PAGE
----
By Susan Lesh
I returned to Leonia’s Women’s March this year.
I loved hearing all women’s voices as speakers.
I loved seeing the children sitting grouped around the microphone, many of them eventually making their way to the nearby playground equipment, but still within earshot.
I loved listening to a 9-year-old girl talk about her empowerment at school and looking to her mom as a role model. There is nothing so empowering as handing a child a microphone. I think we at Ethical do a good job with that. Our weekly joys and concerns allow all in the community to share what is happening in our lives. Our festivals include everyone in our candle lighting and sharing. What better way for children to see that they are taken seriously when everyone in the room listens to what they are saying?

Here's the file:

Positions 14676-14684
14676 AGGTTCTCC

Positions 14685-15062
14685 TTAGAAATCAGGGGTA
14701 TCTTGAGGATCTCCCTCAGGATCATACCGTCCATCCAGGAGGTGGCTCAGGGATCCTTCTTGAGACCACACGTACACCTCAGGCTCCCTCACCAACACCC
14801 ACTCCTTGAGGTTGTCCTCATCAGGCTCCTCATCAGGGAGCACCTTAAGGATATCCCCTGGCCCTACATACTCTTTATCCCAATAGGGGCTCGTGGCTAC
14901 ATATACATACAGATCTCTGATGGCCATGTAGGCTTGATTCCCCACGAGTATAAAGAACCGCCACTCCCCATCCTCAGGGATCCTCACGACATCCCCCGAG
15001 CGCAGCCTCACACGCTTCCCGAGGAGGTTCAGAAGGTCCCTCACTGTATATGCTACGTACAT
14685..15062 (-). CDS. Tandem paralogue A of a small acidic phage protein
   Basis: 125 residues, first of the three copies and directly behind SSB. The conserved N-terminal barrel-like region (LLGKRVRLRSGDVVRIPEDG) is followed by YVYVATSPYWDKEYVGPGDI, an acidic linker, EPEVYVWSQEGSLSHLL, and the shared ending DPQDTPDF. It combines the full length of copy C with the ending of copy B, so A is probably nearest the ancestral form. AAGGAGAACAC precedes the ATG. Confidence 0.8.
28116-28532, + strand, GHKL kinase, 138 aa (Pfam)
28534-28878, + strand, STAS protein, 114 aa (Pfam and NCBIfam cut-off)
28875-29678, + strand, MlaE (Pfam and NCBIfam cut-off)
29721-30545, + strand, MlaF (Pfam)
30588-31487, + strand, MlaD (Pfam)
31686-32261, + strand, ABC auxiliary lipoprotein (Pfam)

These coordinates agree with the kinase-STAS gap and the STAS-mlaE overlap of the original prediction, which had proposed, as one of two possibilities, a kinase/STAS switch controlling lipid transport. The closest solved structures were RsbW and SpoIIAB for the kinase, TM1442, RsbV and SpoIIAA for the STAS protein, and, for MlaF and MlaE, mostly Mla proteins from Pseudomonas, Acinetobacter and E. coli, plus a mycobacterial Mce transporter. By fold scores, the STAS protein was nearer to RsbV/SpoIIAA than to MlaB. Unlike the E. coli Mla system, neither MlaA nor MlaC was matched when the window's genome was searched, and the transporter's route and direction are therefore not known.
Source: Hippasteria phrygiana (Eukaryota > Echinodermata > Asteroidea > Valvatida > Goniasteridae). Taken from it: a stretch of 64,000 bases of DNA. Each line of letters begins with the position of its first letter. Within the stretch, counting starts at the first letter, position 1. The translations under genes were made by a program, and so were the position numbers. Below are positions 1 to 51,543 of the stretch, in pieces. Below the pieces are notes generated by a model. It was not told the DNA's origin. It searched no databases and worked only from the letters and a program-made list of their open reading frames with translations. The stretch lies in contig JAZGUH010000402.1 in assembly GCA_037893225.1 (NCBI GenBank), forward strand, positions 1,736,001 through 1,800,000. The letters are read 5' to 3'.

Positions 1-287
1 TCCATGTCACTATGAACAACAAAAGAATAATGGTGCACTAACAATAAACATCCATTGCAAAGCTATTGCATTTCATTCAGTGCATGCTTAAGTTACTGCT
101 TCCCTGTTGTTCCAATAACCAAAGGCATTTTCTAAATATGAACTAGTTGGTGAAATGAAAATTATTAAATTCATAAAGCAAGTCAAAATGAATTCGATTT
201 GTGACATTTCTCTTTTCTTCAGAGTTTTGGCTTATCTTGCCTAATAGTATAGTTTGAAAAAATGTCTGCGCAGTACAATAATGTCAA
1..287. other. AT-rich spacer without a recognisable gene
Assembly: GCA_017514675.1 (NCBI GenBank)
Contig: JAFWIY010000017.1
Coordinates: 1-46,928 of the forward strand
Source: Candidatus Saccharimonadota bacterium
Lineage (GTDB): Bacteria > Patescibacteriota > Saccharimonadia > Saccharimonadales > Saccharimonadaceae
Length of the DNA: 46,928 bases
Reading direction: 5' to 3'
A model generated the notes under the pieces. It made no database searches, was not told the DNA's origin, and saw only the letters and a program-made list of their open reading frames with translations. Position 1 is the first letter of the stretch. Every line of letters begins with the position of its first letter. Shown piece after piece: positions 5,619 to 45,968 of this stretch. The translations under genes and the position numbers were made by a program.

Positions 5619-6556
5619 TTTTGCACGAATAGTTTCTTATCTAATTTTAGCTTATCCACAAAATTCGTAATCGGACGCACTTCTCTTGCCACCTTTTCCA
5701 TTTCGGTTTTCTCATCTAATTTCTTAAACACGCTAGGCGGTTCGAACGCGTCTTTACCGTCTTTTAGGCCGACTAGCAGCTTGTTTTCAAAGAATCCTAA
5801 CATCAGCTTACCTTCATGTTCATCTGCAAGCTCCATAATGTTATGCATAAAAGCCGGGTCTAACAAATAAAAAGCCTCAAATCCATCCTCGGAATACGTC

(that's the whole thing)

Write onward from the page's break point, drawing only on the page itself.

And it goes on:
I know there is much division happening in the leadership of the marches in New Jersey and New York. I think it’s really important to allow everyone a voice, to give everyone a seat at the table. We have to remember, though, that we can do more together than when broken into smaller groups. That’s the tricky part. How does everyone keep that in mind? People need to be aware of unconscious bias, treat each other respectfully, listen fully when others are speaking, and work on finding common ground. These aspirations are difficult to accomplish when in a small group and much harder when in larger groups. The bottom line, however, is that we have to keep talking.
Susan Lesh is president of the Ethical Culture Society of Bergen County.